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“Where heads and hearts meet”: Oral History Teacher Project

Friday from the Archives: “Talking in Class: The Stories of North Carolina Teachers” by Lu Ann Jones from NCLR Issue 7 (1998)

Going back to Editor Margaret Bauer’s very first issue at the helm of NCLR, the issue contains two separate feature sections: one on oral histories in NC and the other on the work of Fred Chappell. To honor Fred, Margaret, and all the teachers in all of our issues, we are highlighting Jones’ article about her class using oral history techniques to document teachers’ stories from across the state.

As long-time supporters of NCLR will recognize, interviews are critically important to the work of “preserving and promoting NC literature” that we do. Jones reported on her 1997 class that “by focusing on teachers we also had the advantage of building upon new social histories of education that use oral history to include the voices and perspectives of teachers.” Allowing teachers to tell their own stories in their own words benefited all who would come in contact with these histories.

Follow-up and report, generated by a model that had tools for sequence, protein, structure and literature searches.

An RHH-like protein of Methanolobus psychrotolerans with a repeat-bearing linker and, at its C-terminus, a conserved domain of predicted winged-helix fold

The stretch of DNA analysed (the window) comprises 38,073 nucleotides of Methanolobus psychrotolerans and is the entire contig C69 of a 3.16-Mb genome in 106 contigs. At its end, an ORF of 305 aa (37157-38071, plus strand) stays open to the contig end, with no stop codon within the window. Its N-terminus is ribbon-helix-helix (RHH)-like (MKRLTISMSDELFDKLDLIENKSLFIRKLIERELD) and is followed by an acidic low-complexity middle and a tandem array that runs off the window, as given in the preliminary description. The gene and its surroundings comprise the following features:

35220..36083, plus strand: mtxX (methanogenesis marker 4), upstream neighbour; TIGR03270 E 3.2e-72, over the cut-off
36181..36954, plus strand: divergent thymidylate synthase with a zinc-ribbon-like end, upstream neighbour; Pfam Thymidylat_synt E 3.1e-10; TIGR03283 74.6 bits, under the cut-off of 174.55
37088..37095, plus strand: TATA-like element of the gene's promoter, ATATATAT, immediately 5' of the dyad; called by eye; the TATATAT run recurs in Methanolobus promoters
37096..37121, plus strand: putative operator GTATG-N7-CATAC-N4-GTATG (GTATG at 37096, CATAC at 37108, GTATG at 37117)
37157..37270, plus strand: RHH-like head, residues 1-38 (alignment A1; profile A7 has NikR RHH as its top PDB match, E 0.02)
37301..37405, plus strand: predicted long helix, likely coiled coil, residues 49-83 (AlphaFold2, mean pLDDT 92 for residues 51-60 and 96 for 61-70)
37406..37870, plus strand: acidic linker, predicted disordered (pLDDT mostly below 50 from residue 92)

“The oldest teacher interviewed was born in 1900, the year that Governor Charles B. Aycock entered office on a pledge to increase and improve North Carolina’s public schools, and she began her career in a rural, two teacher school. Most narrators participated in school consolidation and racial desegregation in the 1960s. The youngest teachers interviewed are still at work in classrooms that reflect the growing cultural diversity of North Carolina. Their stories illustrate how teaching was one of the few middle-class professions open to women during this century; while women’s decisions to teach often seemed “natural,” their work options were socially and culturally defined.”

Teachers included in the article are Inez Cannon Jones, Carma Credle Gibbs, Grace Whitehurst, Ella Tyson Harris and Virginia J. Jones, Annie Farrow Jones Rue, and Jean Rashida Rahman. Jones said, “These stories remind us that we have much to learn from teachers long after they have left the classroom. Just listen.”

We look forward to more writings from and about teachers in North Carolina who are using NC literature in their classrooms, whatever grade they teach. Find out more about this project (originally co-sponsored with Carolina K-12 and NC Humanities) and read all about it in our upcoming Fall ’23 Online issue.

Order the 1998 issue for your collection.